The next appointment is the real deal. If you’ve never gotten a flyer from a doctor describing exactly how you need to shave yourself, you’re missing something hilarious. If you have and it was for something less outpatient than a vasectomy, I take that back instantly. If I had two ticks more courage, I’d blog about just the act of making myself shiny and new in preparation for the “procedure” (that’s what adults call surgery, so they can pretend it’s all well and good and normal, and there’s no chance whatsoever that anything could rot from some weird staph infection and fall off).
So, the day of, you go in and settle down on the table. The term “outpatient surgery” is little consolation when you’ve never been hospitalized before, and the first time anyone performs surgery on you, they go straight for your lap. Images of what could go wrong fairly danced through my head. The nurse was a sweet girl with a decent bedside manner, and my falso bravado shining, the conversation went something like:
Me: You’ll be in here for the procedure?
Me: But you’re going to step out while I take off my clothes.
Me: I’m going to be naked and you’ll be standing there handing the doctor instruments.
Me: Is watching me take my pants off somehow more intimate than watching my nuts get sliced off?
Nurse: That’s not going to happen to you.
Me: I’m speaking figuratively.
Nurse: I’ll be right out there.
Me: It’s okay, my girlfriend promised she wouldn’t get jealous over anything today.
Nurse: I’ll be right out there.
I probably went too far with that last one. I think you’ll probably say anything to prove you’re a man before you aren’t one anymore.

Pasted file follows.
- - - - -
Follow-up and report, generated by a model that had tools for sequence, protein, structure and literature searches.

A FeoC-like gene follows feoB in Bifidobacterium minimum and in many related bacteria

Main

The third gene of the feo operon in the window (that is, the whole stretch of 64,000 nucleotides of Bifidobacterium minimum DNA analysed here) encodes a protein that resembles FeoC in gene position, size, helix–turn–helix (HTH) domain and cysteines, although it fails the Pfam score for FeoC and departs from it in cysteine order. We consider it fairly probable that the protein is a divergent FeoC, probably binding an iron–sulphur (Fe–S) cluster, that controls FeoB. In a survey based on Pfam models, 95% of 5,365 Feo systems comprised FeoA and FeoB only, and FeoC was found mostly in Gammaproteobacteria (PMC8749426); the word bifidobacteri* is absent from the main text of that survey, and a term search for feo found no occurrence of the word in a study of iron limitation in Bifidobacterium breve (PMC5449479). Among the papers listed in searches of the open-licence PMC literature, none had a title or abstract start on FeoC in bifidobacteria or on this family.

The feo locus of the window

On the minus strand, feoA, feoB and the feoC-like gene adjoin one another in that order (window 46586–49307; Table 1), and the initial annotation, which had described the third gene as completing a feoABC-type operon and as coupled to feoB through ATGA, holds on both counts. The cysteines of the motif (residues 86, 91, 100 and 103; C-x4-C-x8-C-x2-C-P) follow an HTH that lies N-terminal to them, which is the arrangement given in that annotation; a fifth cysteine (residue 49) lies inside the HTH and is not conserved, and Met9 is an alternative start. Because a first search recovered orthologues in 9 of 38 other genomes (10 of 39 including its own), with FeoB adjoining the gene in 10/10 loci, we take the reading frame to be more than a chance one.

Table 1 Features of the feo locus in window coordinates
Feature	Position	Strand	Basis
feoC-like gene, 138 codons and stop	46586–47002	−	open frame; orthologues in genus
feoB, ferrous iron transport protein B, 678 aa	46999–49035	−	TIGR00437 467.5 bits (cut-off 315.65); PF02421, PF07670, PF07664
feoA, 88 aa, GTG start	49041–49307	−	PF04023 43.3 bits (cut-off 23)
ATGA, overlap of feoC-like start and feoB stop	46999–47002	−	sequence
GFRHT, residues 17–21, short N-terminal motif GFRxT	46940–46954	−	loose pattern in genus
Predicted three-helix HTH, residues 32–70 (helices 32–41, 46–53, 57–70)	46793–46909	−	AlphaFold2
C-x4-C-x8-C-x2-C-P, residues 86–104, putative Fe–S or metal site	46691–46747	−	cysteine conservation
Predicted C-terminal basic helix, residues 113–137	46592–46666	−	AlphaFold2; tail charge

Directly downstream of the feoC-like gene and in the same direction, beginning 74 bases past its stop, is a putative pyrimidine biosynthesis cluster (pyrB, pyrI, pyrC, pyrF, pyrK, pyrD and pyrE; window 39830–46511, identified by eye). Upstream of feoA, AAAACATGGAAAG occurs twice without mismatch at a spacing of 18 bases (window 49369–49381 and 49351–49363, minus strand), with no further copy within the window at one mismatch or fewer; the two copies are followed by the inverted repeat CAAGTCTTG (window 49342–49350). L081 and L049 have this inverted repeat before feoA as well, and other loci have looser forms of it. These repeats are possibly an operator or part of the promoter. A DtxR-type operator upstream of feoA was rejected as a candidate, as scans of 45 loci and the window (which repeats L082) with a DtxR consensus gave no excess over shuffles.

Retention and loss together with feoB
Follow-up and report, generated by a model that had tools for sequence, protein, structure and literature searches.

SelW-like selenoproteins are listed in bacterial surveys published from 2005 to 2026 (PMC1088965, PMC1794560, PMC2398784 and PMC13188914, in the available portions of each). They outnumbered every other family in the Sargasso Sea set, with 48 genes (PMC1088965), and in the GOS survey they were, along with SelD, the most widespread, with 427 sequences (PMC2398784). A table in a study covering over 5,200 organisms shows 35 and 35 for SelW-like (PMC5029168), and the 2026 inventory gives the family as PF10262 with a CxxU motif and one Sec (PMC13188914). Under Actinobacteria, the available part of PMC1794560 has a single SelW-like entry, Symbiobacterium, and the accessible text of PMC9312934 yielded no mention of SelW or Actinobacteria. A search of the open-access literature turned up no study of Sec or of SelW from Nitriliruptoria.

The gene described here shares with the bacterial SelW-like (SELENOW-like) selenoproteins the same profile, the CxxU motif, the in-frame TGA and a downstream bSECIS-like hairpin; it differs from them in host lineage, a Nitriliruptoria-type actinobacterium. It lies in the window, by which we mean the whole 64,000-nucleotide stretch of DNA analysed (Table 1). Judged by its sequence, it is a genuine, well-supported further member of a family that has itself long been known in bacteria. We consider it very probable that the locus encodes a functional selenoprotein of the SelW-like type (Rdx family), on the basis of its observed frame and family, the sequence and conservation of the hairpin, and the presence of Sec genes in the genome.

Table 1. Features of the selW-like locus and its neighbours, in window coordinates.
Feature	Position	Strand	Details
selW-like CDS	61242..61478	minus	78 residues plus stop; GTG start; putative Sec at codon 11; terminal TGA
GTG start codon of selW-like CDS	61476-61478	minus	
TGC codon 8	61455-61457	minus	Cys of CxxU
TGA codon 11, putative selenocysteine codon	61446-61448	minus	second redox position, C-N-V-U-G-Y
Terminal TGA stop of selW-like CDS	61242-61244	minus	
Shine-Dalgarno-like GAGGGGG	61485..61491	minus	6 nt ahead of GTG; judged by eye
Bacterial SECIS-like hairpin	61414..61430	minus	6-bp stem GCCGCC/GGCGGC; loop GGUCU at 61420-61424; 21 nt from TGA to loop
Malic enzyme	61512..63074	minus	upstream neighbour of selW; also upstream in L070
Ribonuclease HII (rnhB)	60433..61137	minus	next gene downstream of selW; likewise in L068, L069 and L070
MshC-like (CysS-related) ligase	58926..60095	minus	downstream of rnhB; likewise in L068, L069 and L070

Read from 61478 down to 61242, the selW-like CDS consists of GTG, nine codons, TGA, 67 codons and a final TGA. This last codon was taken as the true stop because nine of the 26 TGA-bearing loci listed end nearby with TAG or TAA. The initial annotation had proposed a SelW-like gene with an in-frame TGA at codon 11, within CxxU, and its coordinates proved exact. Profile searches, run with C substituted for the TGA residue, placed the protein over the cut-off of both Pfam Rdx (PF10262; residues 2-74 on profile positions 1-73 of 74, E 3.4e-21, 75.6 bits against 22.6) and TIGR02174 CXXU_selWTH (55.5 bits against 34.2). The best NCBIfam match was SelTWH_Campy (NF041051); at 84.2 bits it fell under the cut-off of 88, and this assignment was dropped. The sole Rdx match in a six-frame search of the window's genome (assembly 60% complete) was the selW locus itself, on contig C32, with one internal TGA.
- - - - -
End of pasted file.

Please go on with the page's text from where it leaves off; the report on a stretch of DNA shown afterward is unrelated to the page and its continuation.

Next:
So, the doctor comes in. I realize now that I haven’t said enough about him: Dr. Andrew Joel (pronounced yo-ull). He was great. He came in after Ms. Nurse doused my twig and berries with iodine to yank them through a hole in a sterile towel and shoot me full of Lidocaine. We chatted basketball, comparisons between law school and medical school, health care reform and the effect of it on his practice, good restaurants in Florence, the whole nine yards. Anything to distract you from the constant tugs you feel all the way up to your collarbone, and the smell of burning flesh. Yes, sports fans, there was some kind of soldering iron at work. I’m not here to educate you on all the medical details, but there’s cauterization involved and you’re awake to enjoy it. When the whole thing was over, Dr. Joel complimented me on the job I’d done shaving — umm … weird — and I asked him about the official recommendation that you don’t resume your normal testicular function for seven days.
“That’s the rule,” he said, clearly not buying what he was selling.
The last semi-medical bit I’ll relate is this: men, don’t believe the hype that this thing doesn’t hurt. It’s outpatient but they advise you to have someone to drive you home, but you don’t need to worry about that part. You have about long enough to stop by the drugstore and fill the prescription for Tylenol with codeine and get home before it really starts to feel like someone kicked you in the crotch, but that part is coming. They say Friday is the most difficult day to schedule the procedure because most men (most intelligent men, anyway) want to have it done, then have the weekend to recuperate. The literature says that you may feel some slight discomfort for 24-48 hours that should be manageable with OTC painkillers, but the prescription is a backup. All I can say is, I had mine done on a Thursday and it was about a week and a half before I could sit normally for any appreciable length of time. Without getting too graphic … there’s some angry swelling. You wonder off and on whether some kind of weird and permanent damage has been done.
So it’s not a walk in the park, no matter what they try to tell you. But I’m a lucky boy. I got home to find that, even after putting up with all my fretting about surgery on my junk, Alison had let herself into my house and delivered several bags of frozen peas (heaven for a post-op boy), several bottles of Gatorade, a bouquet of flowers and a bottle of damned fine scotch. Regardless of the pain involved, it was all worth it. And nver let anyone tell you that chicks don’t dig scars.